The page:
§ Mr. Ralph Howell
asked the Secretary of State for the Environment what is his estimate of the proportion of total Government spending on housing which benefits (a) households with below average earnings, and (b) households where combined incomes are less than average earnings.
§ Mr. Geoffrey Finsberg
Capital expenditure on housing from public funds cannot be apportioined according to the incomes of those who benefit. The benefits extend beyond those who live in new or improved houses provided by local authorities, new towns, or housing associations, for a new house may make possible a sequence of moves that are to the advantage of all those who move.
The distribution of housing subsidies (including rate fund contributions) according to the income of households 435W can be estimated. The measure of income used was the income of the household head and wife (the household head's income only in households where there is no wife or the wife has no income).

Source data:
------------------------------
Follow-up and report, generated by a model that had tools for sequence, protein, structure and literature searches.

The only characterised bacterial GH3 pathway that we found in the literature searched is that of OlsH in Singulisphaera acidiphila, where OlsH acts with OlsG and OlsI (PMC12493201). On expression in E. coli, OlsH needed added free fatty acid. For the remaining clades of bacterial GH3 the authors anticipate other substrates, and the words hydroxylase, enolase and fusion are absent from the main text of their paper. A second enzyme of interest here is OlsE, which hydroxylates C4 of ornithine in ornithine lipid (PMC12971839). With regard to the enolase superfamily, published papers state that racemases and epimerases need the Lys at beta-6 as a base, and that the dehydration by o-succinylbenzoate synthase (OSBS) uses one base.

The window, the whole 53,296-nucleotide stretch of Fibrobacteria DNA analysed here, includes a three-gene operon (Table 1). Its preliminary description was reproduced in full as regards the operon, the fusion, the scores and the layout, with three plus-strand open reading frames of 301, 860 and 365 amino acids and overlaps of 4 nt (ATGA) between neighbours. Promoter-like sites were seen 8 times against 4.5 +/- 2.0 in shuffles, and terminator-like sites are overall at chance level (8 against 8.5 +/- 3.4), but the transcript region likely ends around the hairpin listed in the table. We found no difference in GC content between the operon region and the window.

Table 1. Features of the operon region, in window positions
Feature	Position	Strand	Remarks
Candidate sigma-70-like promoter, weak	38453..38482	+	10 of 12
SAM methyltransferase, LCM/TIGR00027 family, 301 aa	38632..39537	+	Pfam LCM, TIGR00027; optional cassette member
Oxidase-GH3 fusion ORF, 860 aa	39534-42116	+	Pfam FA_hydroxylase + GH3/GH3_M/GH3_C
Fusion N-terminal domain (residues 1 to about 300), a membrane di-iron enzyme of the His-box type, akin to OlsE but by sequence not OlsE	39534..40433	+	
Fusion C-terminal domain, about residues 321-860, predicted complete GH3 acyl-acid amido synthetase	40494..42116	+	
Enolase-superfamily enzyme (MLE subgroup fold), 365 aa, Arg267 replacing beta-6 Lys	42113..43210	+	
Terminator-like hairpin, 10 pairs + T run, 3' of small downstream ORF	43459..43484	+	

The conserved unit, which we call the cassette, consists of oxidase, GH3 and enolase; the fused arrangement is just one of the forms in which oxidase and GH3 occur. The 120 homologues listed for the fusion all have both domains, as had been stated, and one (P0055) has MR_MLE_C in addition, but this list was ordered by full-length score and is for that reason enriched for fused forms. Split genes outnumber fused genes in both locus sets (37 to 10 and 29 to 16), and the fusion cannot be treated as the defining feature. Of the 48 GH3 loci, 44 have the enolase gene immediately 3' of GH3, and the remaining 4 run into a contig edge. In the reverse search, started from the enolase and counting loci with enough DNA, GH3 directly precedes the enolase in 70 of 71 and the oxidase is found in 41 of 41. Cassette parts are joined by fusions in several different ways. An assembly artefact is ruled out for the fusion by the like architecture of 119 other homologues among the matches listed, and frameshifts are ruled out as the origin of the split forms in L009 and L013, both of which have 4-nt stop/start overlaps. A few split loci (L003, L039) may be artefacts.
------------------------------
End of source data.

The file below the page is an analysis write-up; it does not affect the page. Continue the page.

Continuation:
In 1974–75, 1975–76, and 1976–77 (the years for which the estimates were made), about 60 per cent. of local authority and new town housing subsidies (excluding rebates) went to households with incomes of husband and wife that were less than average earnings; if rent rebates are included, the proportion was about 70 per cent. I regret that estimates for more recent years, and estimates that use other measures of income, are not available.